12 Easy-to-Identify Wild Edibles You Can Find in Midtown (Spring-Summer season)

Now that you know the ethics & ‘how-to’ of foraging for wild edibles from the previous blog post, here are 12 easy-to-identify wild edibles you can find in midtown in the spring and summer season.

  1. Violet (Viola) – The leaves make dark green additons to spring salads, and the delicate purple flowers can decorate cakes, salads, and have traditionally been candied to help preserve them.violets
  2. Dandelions (Taraxacum officinalis) – The sunny yellow flowers can be added into cookies, or chopped into egg dishes. The young green leaves can be turned into pesto, and spring roots can be roasted for making a spiced chai tea.dandelions
  3. Plantain (Plantago) – The deeply veined green leaves make a nutritious addition to your favourite green smoothie.
  4. Burdock (Actium lappa)– The young roots can be be stir-fried, roasted, or added into stews. The taste is hearty, savoury and texture is slightly reminiscent of dense mushrooms.
  5. Red Clover (Trifolium pratense) – The leaves and purple flowers can be tossed into salads.red clover blossoms
  6. Red Raspberry (Rubus idaeus)– The leaves can be used fresh or dried as tea (especially good for women), and the berries are of course a familiar delicious treat.
  7. Stinging Nettle (Urtica dioica) – Nettles should be carefully harvested using gloves, as the tiny hairs along the stem and leaves will sting bare skin. However, this plant is well worth the effort of picking for it brings rich minerals to soups and our personal favourite “nettle-kopita” (you can replace spinach with nettle). stinging nettle
  8. Wild Grape (Vitis vinifera)– The early summer leaves of wild grape are tender enough to use for making classic dolmades (stuffed grape leaves). Simply pick a large grape leaf, fill with your favourite grain dish (e.g. rice with fresh herbs), roll up like a burrito, and steam for a few minutes until softened. Serve sprinkled with olive oil and sea salt.wild grape leaves
  9. Day Lily (Hemerocallis)– Have you ever made day lily icecream? Day lilies can be steamed, boiled, stir-fried, or pickled, and yes, added into homemade desserts like ice cream!
  10. Chickweed (Stellaria media) – Chickweed has characteristic tiny white star-shaped flowers and grows commonly in most gardens. Add it to smoothies, pestos, sandwiches and salads.
  11. Wild Chamomile (Matricaria chamomilla) – Wild chamomile is often seen growing in the most unlikely places, for example in between sidewalk crevices. Use the flowers to make fragrant chamomile tea or an infused honey.
  12. Lilac (Syringa) – Flowering lilacs, are a sure sign of spring! Lilac flowers can be used to make syrups and jelly, and they are a fancy garnish for drinks and desserts. They are not sweet, so use sparingly (or sweeten to taste).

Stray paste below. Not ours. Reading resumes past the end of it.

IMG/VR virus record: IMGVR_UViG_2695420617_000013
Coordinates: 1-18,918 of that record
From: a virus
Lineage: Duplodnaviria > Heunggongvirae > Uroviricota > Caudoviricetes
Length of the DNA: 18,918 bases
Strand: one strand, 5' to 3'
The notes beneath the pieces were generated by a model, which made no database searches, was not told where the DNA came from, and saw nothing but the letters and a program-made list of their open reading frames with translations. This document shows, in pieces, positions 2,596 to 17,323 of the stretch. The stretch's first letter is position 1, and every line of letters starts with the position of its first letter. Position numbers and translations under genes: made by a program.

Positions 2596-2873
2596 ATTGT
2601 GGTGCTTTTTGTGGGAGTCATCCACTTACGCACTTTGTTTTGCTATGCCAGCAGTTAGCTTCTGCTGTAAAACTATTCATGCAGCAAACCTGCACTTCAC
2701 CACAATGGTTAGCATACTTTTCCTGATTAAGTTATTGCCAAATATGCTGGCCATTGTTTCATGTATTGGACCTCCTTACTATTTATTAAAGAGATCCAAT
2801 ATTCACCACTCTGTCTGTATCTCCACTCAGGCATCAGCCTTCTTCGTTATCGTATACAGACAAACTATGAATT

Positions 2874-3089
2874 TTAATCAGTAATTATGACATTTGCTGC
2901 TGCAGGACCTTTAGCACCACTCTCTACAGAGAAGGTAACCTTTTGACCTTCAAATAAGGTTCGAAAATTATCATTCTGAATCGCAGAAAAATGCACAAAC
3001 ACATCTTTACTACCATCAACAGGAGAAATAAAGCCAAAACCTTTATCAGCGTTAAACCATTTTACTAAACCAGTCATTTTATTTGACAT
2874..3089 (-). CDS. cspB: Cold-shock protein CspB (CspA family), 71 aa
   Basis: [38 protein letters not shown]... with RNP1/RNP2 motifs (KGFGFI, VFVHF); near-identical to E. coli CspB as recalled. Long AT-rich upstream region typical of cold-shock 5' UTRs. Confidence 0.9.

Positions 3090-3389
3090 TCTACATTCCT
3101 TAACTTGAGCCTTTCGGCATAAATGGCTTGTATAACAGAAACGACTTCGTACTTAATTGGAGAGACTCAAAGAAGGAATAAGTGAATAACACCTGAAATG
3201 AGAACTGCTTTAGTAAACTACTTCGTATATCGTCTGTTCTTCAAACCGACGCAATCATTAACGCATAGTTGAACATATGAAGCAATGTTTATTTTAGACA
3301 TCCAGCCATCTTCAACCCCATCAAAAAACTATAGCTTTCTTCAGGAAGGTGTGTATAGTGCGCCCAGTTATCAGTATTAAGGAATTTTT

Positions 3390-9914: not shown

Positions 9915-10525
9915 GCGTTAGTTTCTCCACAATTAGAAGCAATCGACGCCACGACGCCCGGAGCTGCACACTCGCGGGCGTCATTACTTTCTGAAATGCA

Also, don’t forget, we have an abundance of fruit trees and berries in public spaces around our neighbourhood. For example, many of our Midtown streets are lined with sweet service berries (also known as saskatoons), and in forgotten sections of parks (or former orchards and backyards) you can find mulberry, apple and pear trees. To further the idea of abundant free food in our city, the concept of “food forests” is taking off. Already there are at least three parks in Kitchener (Forest Heights, Weber Park, and Victoria Park) where neighbourhood associations have worked with volunteers to install these public “food forests”. Here fruit trees, berries and herbs are allowed to mingle with the other wild edibles around them, available for everyone’s benefit!

Perhaps we here in Midtown can work on a plan for a neighbourhood food forest, to increase the availability of abundant free healthful food for all.

For More Information:

Find more wild foraged recipe ideas go to Little City Farm’s website. If you would like to learn more about wild foraging consider taking a Wild Edibles Foraging Workshop at Little City Farm on Saturday, June 3. Registration is required in advance.

Please note – this article is for educational purposes only. Always follow proper harvesting and identification guidelines in order to use wild plants safely. The Region of Waterloo offers an extensive list of what are considered to be noxious weeds (see resources below), and this is a helpful resource for clearly outlining local wild plants you do not want to consume. Several of the plants on the list are extremely dangerous (e.g. giant hogweed can cause serious burns, poison hemlock is extremely toxic, and eating as few as two berries from deadly nightshade can be fatal to a child) so it must be stated again that only plants you have positively identified as safe should be eaten.

Resources:

http://www.regionofwaterloo.ca/en/regionalgovernment/weedcontrol.asp

Elpel, Thomas J. Botany in a Day: The Patterns Method of Plant Identification.

Elpel, Thomas J. Shanleya’s Quest: A Botany Adventure for Kids 9 to 99.

Henderson, Robert. The Neighbourhood Forager.

Silverman, Maida. A City Herbal.

Thayer, Samuel. The Forager’s Harvest.

Tilford, Gregory L. From Earth to Herbalist.

Zachos, Ellen. The Backyard Forager: 65 Familiar Plants you didn’t know you could eat.

Plant Identification Books:

Peterson’s Field Guide to Edible Plants of Eastern North America.

Newcombes Wildflower Guide.

Lone Pine Guide to Edible and Medicinal Plants of North America.

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